Harihar Fort – An exhilarating monsoon trek 3

Harihar fort Sahayadris

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Have you ever experienced a 200 ft. long climb on steep rock-cut slippery stairs inclined at an 80 degrees angle in heavy rain showers ? If not, then you need to head to Harihar Fort in the monsoon to experience it.

Bhavini heard about the steep ascend from her colleagues, and asked me to watch a Youtube video of the trek. I obliged and the video instantly stoked my sense of adventure. We had to do the trek, When Trek Mates India organized the trek in August 2015 we jumped at the opportunity.

Harihar Fort -From the ground

Harihar Fort

Harihar Fort – History and Significance:

Harihar fort, situated in the Trimbak range, is at an elevation of 3676 ft. It stands on top of a massive prism of triangular rock, with natural fortification on three sides. One meter wide steps are carved in the rock itself with grooves for additional support. They are the only point of access to the fort. The entire set-up is jaw-dropping beautiful to look at from the base.

The fort was given to the Moghuls by Shahji Maharaj in 1636 along with Trimbak, Tringalwadi, and few other Poona forts. In 1818, after the fall of Trimbak, Harihar fort was surrendered to the British along with 17 other strong forts by the Moghuls. When Captain Briggs visited the fort, he was mesmerized by the beauty of the stairs. The British army, on capturing Maratha forts, used canons to destroy all access routes to their forts. This is seen at many forts viz. Alang, Malang, Harishchandragadh, Padargad etc. However, at Harihar, Captain Briggs didn’t have the heart to destroy the beautiful stairs. He left them untouched. Even today, these beautiful stairs are the only way to climb up to the fort.

Our Journey:

We started from Mumbai by bus in the night and braced ourselves for a long journey. In the morning, before dawn, we reached the base village – Nirgudpada. It is a picturesque village surrounded on all sides by forts and mountains. Harihar Fort stands distinctively amidst the hills. Watching it from the ground, we wondered how exactly would we climb this monster of a fort ?

Harihar fort Sahayadris

Harihar Fort, Maharashtra

We started after having a quick breakfast of home-made onion poha and tea. From the village, it is difficult to find the path as one has to cross many farms before reaching the start of the trail. However, our trek leader was experienced, and we did not have much difficulty. We climbed to the pass in between Fani dongar ( 3255 ft. ) to the left and Harihar to the right. The pinnacle of Fani is nearly 30 ft. long and resembles the hood of a cobra, hence the name. Along the way, we came across a tiny temple and a beautiful pond in front of it. Even though the water was green, it was full of fishes. The group halted here for a long break.

Our trek lead – Vishal, wore a T-shirt of King Sambhaji – the eldest son of the Maratha King Shivaji. During the break, the conversation veered towards the  Maratha Empire. King Sambhaji was the successor to the realm after his father Shivaji’s death in 1680. Shivaji planted the seeds of the Maratha Independence movement. His death marked the start of the 27-year long war with the Mughals, that ended with the death of Aurangzeb in March 1707. Indian Subcontinent saw the rise of a new sun – Maratha empire – who ruled large parts of the Indian sub-continent until the arrival of the British East India Company.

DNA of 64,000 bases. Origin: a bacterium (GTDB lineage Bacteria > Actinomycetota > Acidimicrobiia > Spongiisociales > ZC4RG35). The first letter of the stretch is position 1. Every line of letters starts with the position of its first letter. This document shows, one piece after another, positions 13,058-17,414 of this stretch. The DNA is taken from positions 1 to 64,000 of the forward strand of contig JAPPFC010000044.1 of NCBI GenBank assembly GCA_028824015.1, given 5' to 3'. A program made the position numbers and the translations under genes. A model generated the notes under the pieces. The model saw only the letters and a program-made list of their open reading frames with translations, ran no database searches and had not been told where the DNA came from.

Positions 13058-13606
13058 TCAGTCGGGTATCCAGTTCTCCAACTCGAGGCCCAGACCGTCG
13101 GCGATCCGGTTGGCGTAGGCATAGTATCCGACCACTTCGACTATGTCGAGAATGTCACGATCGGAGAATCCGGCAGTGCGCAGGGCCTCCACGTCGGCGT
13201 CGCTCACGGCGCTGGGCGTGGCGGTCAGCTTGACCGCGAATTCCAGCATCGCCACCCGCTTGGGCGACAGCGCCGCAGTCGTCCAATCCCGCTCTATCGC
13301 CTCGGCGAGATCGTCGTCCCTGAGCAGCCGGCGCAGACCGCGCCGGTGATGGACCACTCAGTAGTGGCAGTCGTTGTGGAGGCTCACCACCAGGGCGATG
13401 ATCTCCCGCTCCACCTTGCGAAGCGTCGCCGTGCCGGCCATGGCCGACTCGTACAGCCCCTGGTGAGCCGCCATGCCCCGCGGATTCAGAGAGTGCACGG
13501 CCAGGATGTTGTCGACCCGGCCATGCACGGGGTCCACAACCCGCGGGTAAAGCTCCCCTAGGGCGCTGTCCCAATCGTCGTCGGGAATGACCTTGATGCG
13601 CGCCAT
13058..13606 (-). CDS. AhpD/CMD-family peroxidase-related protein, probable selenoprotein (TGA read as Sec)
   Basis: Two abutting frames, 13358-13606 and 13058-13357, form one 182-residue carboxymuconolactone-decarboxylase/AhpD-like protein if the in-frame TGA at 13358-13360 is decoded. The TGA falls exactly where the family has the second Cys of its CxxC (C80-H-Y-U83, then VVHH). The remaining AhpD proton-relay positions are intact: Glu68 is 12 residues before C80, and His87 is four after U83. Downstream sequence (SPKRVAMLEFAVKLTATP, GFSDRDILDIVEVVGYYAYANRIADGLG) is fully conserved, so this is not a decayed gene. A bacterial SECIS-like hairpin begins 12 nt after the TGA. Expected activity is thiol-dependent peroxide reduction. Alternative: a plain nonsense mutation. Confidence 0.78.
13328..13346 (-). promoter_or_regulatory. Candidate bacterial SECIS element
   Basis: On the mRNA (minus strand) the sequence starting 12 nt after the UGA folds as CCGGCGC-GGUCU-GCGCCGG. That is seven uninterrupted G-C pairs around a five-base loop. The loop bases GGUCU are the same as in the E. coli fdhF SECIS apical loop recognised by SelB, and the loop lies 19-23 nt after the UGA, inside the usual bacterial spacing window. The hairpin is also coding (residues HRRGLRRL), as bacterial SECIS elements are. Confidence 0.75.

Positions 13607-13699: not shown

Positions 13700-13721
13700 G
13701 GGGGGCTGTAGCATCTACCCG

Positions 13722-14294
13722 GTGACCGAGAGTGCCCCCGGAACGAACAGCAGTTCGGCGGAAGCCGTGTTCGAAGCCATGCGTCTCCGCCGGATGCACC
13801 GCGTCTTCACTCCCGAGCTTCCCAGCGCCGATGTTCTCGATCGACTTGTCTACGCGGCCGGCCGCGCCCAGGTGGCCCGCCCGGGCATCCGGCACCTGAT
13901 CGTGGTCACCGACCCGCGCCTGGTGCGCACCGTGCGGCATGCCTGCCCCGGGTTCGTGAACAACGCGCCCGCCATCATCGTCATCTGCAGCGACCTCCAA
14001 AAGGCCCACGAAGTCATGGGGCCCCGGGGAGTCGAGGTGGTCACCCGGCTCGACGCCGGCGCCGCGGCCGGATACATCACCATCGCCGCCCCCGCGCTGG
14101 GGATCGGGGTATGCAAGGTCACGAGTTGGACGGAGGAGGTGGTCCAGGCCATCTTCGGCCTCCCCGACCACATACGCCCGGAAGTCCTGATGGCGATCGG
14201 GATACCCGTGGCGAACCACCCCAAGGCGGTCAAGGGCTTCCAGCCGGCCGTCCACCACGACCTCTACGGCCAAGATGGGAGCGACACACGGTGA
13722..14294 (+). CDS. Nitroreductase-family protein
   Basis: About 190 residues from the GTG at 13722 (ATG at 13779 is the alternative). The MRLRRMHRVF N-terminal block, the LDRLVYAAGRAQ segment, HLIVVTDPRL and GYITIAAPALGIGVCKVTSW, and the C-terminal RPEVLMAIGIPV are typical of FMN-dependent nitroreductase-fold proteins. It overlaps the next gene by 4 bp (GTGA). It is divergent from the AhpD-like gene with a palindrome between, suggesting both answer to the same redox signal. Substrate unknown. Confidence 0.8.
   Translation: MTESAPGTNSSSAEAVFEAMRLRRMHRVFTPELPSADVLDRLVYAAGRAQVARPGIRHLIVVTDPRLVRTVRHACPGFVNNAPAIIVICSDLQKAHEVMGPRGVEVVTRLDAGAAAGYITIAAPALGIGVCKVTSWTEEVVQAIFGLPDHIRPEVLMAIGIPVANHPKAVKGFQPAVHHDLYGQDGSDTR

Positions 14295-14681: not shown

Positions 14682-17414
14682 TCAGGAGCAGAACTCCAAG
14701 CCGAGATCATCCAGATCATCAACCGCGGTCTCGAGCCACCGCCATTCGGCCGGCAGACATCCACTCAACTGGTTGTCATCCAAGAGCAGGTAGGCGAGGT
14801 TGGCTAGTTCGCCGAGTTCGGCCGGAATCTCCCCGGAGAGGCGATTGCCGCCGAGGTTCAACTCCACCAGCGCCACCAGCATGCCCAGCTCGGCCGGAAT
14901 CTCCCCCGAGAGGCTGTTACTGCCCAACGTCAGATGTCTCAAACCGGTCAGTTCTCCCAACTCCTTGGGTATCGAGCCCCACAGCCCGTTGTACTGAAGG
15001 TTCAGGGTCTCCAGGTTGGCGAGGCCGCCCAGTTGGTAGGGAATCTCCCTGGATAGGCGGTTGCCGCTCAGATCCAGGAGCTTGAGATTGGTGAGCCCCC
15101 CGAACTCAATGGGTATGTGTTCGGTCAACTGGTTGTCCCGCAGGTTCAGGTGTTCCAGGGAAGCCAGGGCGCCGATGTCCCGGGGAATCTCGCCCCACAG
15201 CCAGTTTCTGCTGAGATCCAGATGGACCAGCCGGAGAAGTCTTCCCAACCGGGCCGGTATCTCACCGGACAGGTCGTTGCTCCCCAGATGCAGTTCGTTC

Harihar fort Trek Mates India

On trail with our Trek lead

Trek Highlights:

After the brief history lesson, we proceeded on our trail. Soon, we reached the base of the mighty rock prism on whose pinnacle stood the Harihar fort. The rock-cut steps lead up the fort and are very steep. We all lined up and started to climb the stairs one below the other. The initial fright gives way to excitement, as we marveled at the views from the height. We climbed nearly 100 stairs to reach the first gate – Mahadarwaja, then walked below an overhang, and continued further on another flight of winding stairs, to reach the second entrance door. This opens onto a plateau. It has two small temples of Lord Hanuman and Lord Shiva and a pond with potable drinking water. We sat here to have our lunch.

Post lunch, we explored the fort. There is a tiny hump in the middle, which is the highest point on the fort. We climb up, soak in the views and click photos. After some time we made our way down as it was getting crowded. We explored the back side of the fort which has 5 cisterns. It tapers down providing spectacular views of the Shayadris range and the valley below. We walked along the edge that faces the base village – Nirgudapada. This edge is named “Scottish Kada” after Doug Scott who was the first person to climb the edge in 1986.

Harihar fort Trimbak range Sahayadris

View of the Trimbak Range from the Tip of the Fort

 A successful Finish:

Spending over 2 hours on top of the fort, it was time to climb down. The steep staircase made everyone a bit anxious before the descend. However, slowly, everyone got down comfortably to the bottom of the rock. We waited for everyone to come down the stairs before continuing on our trail to get back to the base village. In another hour or so, we walked back down to the base bringing an end to an exhilarating trek to Harihar.

Afterward, at Nirgudapada, while everyone changed, and had snacks, Bhavini and I decided to explore the surroundings. We walked down along the single road, and soon we were out of the village. Bhavini, carried her shoes in her hands as she had shoe bites. We walked along, hand in hand, wondering what the future had in store for us. We didn’t know yet whether we would be married or not but we knew that someday we both would come back to this beautiful place.

Harihar fort

Chatting along the trail to Harihar Fort (PC: Rachna Shah)

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